Long before judges crowned royalty to winners of national pageants naming them Miss World, Miss Universe and queen of territories, Jamaica’s Louise Bennett reigned as the queen of patois and worldwide regarded, Miss Lou.
Born Sept. 7, 1919 in Kingston, Jamaica, Bennett was the only child of Cornelius Bennett, a baker and Kerene Robinson, a dressmaker. Her father died when she was young.
Therefore, she was raised by her single parent, mother.
Bennett by her own words said she was an average student. But she loved to communicate. Eventually she emerged a poet, folklorist, writer and educator.
She was instrumental in enabling the legitimization of the Jamaican dialect of the people giving literary recognition to patois.
Her recitations entertained and amused the average citizen but also influenced other poets, including Mutabaruka and Britain-based Linton Kwesi-Johnson.
She appeared in leading humorous roles in several Jamaican pantomimes and television shows. Among her comedic routines, her parting salutation was always “walk good.” The full sentiments extended the hope: “… and may good duppy (ghosts) follow you.”
She taught drama and folklore at the University of the West Indies. She also worked at the Jamaica Broadcasting Corporation.
She travelled throughout the world promoting the culture of Jamaica through lectures and performances on stage, radio, television and films.
Although her popularity was international, she enjoyed celebrity status in her native Jamaica, Canada and the United Kingdom. Ironically, Bennett was ostracized by educated Jamaicans who saw the local patois as inferior to the preferred Oxford English. Initially, the island’s premiere newspaper — The Gleaner — refused to publish her poems. However, later the publication paid her for a regular Sunday column which became a popular item. Bennett won a British Council Scholarship to the Royal Academy of Dramatic Art in London in 1945 and was the first Black student there.
Her poetry has been widely published, most notably the 1966 volumes “Jamaica Labbrish” and “Anancy and Miss Lou” in 1979. Her most influential recording is probably her 1954 rendition of the Jamaican traditional song “Day Dah Light.” In 1955 the song was recorded by Harry Belafonte as “Day O.” It is also known as the “Banana Boat Song.”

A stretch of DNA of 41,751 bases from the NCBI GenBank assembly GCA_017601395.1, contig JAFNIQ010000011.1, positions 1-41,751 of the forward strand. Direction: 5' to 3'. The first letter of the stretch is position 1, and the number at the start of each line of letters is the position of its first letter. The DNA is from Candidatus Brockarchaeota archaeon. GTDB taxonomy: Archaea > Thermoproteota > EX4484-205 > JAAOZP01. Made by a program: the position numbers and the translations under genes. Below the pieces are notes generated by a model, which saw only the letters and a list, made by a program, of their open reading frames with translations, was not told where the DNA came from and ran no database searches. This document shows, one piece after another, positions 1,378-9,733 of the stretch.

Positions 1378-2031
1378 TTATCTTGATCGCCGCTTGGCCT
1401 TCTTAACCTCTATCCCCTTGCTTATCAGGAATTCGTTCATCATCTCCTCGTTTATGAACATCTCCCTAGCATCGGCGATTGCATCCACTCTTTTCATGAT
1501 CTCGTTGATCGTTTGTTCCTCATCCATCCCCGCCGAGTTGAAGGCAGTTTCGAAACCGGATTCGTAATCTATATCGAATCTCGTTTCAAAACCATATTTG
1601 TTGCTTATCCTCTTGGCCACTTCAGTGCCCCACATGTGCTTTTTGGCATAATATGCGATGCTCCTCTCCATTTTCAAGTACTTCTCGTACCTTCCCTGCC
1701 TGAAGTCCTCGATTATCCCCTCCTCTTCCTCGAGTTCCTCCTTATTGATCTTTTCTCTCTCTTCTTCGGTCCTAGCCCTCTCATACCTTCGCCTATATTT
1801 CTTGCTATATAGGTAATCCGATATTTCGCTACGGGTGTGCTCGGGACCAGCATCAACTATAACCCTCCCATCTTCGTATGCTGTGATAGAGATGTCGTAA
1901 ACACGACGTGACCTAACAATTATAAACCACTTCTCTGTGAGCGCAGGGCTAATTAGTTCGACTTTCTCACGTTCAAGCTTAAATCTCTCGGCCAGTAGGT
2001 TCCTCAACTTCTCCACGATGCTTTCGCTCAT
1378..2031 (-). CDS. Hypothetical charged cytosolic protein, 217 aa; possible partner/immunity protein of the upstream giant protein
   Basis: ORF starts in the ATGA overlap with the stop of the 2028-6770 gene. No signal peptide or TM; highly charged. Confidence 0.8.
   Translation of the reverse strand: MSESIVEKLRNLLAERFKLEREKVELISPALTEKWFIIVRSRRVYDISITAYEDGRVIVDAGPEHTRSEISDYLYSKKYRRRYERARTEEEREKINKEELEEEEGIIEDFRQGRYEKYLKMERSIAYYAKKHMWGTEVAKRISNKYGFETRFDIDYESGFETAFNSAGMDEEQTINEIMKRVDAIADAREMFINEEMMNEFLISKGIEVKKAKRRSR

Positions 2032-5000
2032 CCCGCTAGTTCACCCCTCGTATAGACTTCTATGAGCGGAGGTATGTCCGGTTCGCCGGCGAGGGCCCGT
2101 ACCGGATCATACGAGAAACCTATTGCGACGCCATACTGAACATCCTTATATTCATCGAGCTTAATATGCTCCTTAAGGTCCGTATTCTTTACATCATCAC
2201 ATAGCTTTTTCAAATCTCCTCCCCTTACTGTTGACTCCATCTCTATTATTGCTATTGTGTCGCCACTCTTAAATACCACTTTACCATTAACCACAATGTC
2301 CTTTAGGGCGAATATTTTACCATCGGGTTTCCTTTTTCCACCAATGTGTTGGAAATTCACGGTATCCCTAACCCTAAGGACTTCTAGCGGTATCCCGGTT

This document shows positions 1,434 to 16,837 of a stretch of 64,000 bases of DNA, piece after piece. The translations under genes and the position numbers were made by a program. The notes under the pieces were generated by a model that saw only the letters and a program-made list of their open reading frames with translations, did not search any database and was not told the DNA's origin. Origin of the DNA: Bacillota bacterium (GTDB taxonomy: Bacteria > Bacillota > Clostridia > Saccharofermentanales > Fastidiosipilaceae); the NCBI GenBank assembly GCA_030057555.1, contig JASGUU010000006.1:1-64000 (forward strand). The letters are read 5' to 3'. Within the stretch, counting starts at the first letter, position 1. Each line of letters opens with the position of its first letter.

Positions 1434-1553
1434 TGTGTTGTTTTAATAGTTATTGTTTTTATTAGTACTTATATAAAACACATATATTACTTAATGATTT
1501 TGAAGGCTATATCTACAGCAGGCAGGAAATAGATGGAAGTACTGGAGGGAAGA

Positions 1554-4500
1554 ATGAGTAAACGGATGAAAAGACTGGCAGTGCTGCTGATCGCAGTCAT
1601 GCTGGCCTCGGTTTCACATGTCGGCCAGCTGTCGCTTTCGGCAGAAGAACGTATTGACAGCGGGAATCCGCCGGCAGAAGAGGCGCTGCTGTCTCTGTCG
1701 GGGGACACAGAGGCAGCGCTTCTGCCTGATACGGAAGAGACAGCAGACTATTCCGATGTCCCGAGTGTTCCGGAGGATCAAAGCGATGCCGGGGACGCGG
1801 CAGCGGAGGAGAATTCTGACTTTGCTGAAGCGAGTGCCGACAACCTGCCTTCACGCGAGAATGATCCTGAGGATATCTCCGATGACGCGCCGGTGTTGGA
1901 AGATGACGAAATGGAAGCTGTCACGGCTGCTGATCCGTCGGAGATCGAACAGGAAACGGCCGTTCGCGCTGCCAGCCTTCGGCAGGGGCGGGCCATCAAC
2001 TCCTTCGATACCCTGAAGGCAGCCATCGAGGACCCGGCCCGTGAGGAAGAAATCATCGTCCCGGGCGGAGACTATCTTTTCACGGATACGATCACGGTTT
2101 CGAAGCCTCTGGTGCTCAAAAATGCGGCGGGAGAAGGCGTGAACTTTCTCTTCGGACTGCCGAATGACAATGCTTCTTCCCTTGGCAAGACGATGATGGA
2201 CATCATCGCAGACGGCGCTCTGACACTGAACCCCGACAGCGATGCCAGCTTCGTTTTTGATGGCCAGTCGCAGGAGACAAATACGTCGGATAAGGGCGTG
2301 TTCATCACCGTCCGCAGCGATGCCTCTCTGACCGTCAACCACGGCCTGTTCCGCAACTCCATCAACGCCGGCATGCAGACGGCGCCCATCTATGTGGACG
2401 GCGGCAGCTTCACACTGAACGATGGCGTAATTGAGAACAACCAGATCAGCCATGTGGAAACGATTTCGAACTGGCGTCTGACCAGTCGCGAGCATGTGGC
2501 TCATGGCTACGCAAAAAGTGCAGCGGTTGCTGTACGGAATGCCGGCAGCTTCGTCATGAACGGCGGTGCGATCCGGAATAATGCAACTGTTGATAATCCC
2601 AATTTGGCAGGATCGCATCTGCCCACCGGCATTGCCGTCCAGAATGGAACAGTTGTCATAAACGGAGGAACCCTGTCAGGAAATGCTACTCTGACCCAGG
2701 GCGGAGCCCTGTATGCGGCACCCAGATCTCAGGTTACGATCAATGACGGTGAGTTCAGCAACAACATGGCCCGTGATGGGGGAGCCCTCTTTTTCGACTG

Belafonte based his version on Bennett’s recording. Reportedly, Belafonte’s famous version became one of the biggest hit records of the decade. Sales from the song led to the very first gold record ever awarded and influenced a Grammy process. After graduation she worked with British repertory companies.
In 1945 and 1946, she was host of a BBC radio show called “Caribbean Carnival.”
But she returned to Jamaica in 1947. Reportedly, she found it hard to earn a living there.
In 1950, she returned to England where she again found work with the BBC, as host of another Caribbean show called “West Indian Night.”
She migrated to New York in 1953. Here she worked at Macy’s Department store to supplement her income.
Along with her husband Eric Coverly — who she married in 1954 — directed a folk musical called “Day in Jamaica.” The couple returned to Jamaica in 1955.
The production first staged at St. Martin’s Little Theater in Harlem later moved around to various church halls throughout Caribbean communities in the tri-state area. Bennett worked with Alma John, a popular, Black radio personality whose program aired on WLIB-AM.
While residing in New York City, Bennett also sang folk songs at the Village Vanguard in Greenwich Village.
Bennett was made a Member of the British Empire (M.B.E.) in 1960 for her work in Jamaican literature and theater.
Among several books on poetry and folklore she published, the 1966 “Jamaica Labbrish” is perhaps her most famous. Her first publication was “Dialect Verses” in 1942. She also recorded many albums, including “Jamaica Folksongs” (Folkways) in 1953 and “Yes Me Dear” in 1981.
In 1974, she was conferred with the nation’s fourth highest honor, the Order of Jamaica. Considered an equivalent to knighthood in the British honors system, Miss Lou might have also been addressed as Dame Louise Bennett.
In 1979, the Jamaica Information Service produced a film lauding her contribution to arts and culture and Jamaica entitled, “The Hon. Miss Lou.”
The Jamaican government also appointed her Cultural Ambassador at Large for Jamaica. Among numerous other awards, she received the Institute of Jamaica’s Musgrave Silver and Gold medals for eminence in the field of arts and culture; the Norman Manley Award for Excellence; an honorary Doctorate of Letters from the University of the West Indies (1983) and another from York University in Toronto, Canada.
In 1986 Bennett made an appearance in the comedy film “Club Paradise” which co- starred Robin Williams, Jimmy Cliff and Peter O’Toole.
On Jamaica’s Independence Day in 2001, the honorable poet was presented the nation’s third highest honor, the Order of Merit.
She died on July 26, 2006 at age 86 in Toronto, Canada.